Black and Asian American respondents were the most likely to say they worried “all the time” or “often” about being the victims of a hate crime (31%), followed by Native Hawaiian/Pacific Islanders (24%), Latinos (19%), Native American Indians (16%), and whites (8%).
Racial discrimination and bias. While racism in the U.S. has common roots in white supremacy, the survey results show that racism occurs in multiple forms and is experienced in distinct ways among different racial groups. For example, when it comes to being “unfairly stopped, searched, questioned, physically threatened or abused by the police,” there are clear variations by race. Nearly 40% of Black respondents reported experience with police misconduct or physical abuse. This compares with more than 25% of Latinos, Native Hawaiian/Pacific Islanders, and Native American Indians. In comparison, White (18%) and Asian American (14%) respondents were much less likely than their Black counterparts to report police misconduct or abuse.
In addition, Black, Latinos, Native Hawaiian, and Native American Indian respondents were more likely than Asian Americans to report being unfairly denied a promotion, being unfairly fired, or being unfairly prevented from moving into a neighborhood because a landlord or real estate agent refused to sell to them. For instance, 26% of Black, 25% of Native Hawaaiian/Pacific Islander, 20% of Native American Indian, and 17% of Latino respondents reported that they were unfairly prevented from moving into a neighborhood, compared to 10% of Asian American respondents. (7% of white respondents reported a similar experience). Black respondents were more likely to attribute discrimination to “race or ethnicity,” while Asian American, Latinos, and other non-white respondents mostly attributed these expriences to “race or ethnicity” or perceived immigrant status (ie “having an accent”).
When it comes to education, Native Hawaiian/Pacific Islander (32%), Native American (24%), Black (23%), and Latino (17%) respondents were the most likely to report being “unfairly discouraged by a teacher or advisor from continuing your education.” About 12% of Asian American respondents reported such a conversation, compared with 32% of Native Hawaiian/Pacific Islander, 24% of Native American Indian, and 17% of Latino respondents. 13% of white respondents said they were unfairly discouraged from continuing their education.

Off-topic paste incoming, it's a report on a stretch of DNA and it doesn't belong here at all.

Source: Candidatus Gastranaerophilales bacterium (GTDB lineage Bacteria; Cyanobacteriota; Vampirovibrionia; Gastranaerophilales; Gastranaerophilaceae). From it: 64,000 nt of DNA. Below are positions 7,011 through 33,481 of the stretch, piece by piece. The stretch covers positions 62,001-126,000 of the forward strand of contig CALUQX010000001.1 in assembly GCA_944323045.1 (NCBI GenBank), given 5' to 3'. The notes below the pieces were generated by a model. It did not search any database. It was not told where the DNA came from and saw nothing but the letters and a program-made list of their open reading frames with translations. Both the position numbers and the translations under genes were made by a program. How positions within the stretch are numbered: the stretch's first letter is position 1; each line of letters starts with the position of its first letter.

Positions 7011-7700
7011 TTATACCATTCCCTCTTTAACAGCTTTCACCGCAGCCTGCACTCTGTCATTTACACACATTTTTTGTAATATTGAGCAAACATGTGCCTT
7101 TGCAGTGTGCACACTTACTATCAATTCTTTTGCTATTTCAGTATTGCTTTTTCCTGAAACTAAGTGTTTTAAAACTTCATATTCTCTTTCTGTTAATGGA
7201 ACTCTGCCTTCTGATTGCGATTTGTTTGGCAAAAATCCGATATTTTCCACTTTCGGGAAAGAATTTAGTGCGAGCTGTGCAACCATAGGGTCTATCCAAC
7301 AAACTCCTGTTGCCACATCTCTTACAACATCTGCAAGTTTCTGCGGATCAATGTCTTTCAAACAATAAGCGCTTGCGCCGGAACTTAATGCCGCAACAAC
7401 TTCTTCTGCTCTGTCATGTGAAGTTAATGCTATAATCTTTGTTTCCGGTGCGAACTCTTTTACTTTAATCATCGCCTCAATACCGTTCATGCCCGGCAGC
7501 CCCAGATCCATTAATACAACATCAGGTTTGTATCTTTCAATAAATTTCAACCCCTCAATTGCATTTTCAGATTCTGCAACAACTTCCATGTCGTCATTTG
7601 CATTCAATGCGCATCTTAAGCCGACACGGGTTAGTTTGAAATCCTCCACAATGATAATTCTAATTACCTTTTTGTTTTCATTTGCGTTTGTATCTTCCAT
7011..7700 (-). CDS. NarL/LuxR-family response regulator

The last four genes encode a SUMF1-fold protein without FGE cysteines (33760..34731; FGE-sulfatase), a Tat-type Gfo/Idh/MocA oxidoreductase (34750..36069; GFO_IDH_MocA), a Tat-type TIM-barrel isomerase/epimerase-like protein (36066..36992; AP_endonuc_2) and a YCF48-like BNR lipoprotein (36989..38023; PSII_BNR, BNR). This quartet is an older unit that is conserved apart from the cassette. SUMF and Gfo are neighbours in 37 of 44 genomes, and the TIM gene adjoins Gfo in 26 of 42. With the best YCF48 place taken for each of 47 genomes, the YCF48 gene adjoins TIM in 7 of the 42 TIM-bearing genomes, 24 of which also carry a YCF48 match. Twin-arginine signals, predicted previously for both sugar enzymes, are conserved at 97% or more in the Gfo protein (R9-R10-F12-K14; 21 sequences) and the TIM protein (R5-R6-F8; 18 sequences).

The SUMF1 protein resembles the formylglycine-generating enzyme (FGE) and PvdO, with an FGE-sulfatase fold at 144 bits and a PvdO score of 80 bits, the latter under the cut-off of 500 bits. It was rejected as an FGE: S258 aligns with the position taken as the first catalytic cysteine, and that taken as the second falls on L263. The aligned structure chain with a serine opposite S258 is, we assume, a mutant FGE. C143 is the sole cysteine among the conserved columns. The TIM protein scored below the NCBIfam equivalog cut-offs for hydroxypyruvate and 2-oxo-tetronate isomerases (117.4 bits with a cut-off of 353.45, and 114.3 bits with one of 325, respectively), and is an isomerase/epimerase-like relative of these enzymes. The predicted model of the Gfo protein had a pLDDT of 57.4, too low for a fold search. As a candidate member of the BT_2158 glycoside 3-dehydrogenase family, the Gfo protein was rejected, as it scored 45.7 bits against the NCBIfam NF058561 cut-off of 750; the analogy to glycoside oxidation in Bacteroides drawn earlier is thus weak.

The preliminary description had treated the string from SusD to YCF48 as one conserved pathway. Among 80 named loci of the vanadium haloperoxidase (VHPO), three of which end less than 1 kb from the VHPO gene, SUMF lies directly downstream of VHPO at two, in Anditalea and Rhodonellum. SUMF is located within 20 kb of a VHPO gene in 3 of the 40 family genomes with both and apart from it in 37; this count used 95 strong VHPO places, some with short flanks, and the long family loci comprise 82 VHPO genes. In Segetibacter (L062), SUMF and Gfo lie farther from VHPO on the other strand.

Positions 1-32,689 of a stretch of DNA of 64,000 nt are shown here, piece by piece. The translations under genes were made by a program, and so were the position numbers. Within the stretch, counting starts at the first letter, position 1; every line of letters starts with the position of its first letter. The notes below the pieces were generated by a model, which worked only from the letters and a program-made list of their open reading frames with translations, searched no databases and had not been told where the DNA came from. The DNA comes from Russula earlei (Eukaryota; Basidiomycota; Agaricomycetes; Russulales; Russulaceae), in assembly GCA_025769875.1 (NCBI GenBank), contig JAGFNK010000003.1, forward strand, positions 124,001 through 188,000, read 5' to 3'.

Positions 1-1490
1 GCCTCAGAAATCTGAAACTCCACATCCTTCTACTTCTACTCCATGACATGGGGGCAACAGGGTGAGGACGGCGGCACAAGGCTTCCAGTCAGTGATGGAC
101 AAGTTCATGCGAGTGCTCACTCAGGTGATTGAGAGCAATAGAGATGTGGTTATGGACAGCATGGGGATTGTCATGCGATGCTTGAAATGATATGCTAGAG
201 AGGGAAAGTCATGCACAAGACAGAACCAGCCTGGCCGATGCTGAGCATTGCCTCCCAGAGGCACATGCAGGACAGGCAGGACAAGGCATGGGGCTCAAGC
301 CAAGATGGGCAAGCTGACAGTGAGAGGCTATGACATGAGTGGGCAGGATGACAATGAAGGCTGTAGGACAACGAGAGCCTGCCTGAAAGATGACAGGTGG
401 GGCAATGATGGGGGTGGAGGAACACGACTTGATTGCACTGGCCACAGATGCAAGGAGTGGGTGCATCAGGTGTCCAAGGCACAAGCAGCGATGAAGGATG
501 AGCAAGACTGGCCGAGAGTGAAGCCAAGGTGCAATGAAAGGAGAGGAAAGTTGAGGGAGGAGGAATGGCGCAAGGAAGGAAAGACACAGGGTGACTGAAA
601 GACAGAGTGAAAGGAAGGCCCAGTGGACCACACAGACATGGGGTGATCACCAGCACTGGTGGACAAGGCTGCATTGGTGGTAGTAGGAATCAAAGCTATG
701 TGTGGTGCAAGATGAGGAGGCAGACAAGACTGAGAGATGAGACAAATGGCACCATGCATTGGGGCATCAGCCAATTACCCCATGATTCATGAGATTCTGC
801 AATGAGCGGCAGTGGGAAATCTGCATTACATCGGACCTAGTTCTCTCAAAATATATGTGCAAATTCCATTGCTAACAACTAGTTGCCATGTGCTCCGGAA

Disparate treatment is a pervasive part of the day-to-day lives of many racial minority group members. For instance, Black respondents (50%) were more likely to report receiving poorer service in stores and restaurants than other people, compared to Native Hawaiian/Pacific Islanders (45%), Latinos (39%), Native American Indians (38%), Asian Americans (30%) and whites (24%).
These data illustrate that non-White groups in the United States experience racial discrimination in varied and prevalent forms. The study also makes it clear that Asian American experiences with racial discrimination are the manifestation of a much broader problem of racism, racial inequality and disparate racial treatment in the United States. All questions are available here with interactive toplines by race/ethnicity.
Methodology: This SurveyMonkey poll was conducted online March 18-25, 2021 among a total sample of 16,336 adults ages 18 and over, including 2,017 Asian or Asian Americans, Native Hawaiian or Pacific Islanders living in the United States. Respondents for these surveys were selected from more than two million people who take surveys on the SurveyMonkey platform each day. SurveyMonkey used a third-party panel provider to obtain additional sample with quotas for Asian or Asian American and Native Hawaiian or Pacific Islander respondents. The modeled error estimate for the full sample is plus or minus 1.5 and for the following subgroups: Asian American or Pacific Islander +/- 3.5 percentage points. Data have been weighted for age, race, sex, education, citizenship status, and geography using the Census Bureau’s American Community Survey to reflect the demographic composition of the United States age 18 and over. An additional smoothing parameter for political party identification based on aggregates of SurveyMonkey research surveys is included.
The survey was conducted in English-only. This limitation biases the sample toward Asian Americans who are U.S. born and dominant English-speakers. Importantly, the majority of the Asian American sample reported speaking a language other than English in their homes. Further, past studies, including the 2016 National Asian American Survey, show that U.S. born Asian Americans are more, not less, likely than their foreign-born counterparts to report experience with discrimination. As such, we can be fairly confident that the results above do not underrepresent reported experiences with discrimination.
Janelle Wong is senior researcher at AAPI Data and professor of Asian American studies and political science at the University of Maryland, College Park. Karthick Ramakrishnan is director of AAPI Data and professor of public policy at the University of California, Riverside.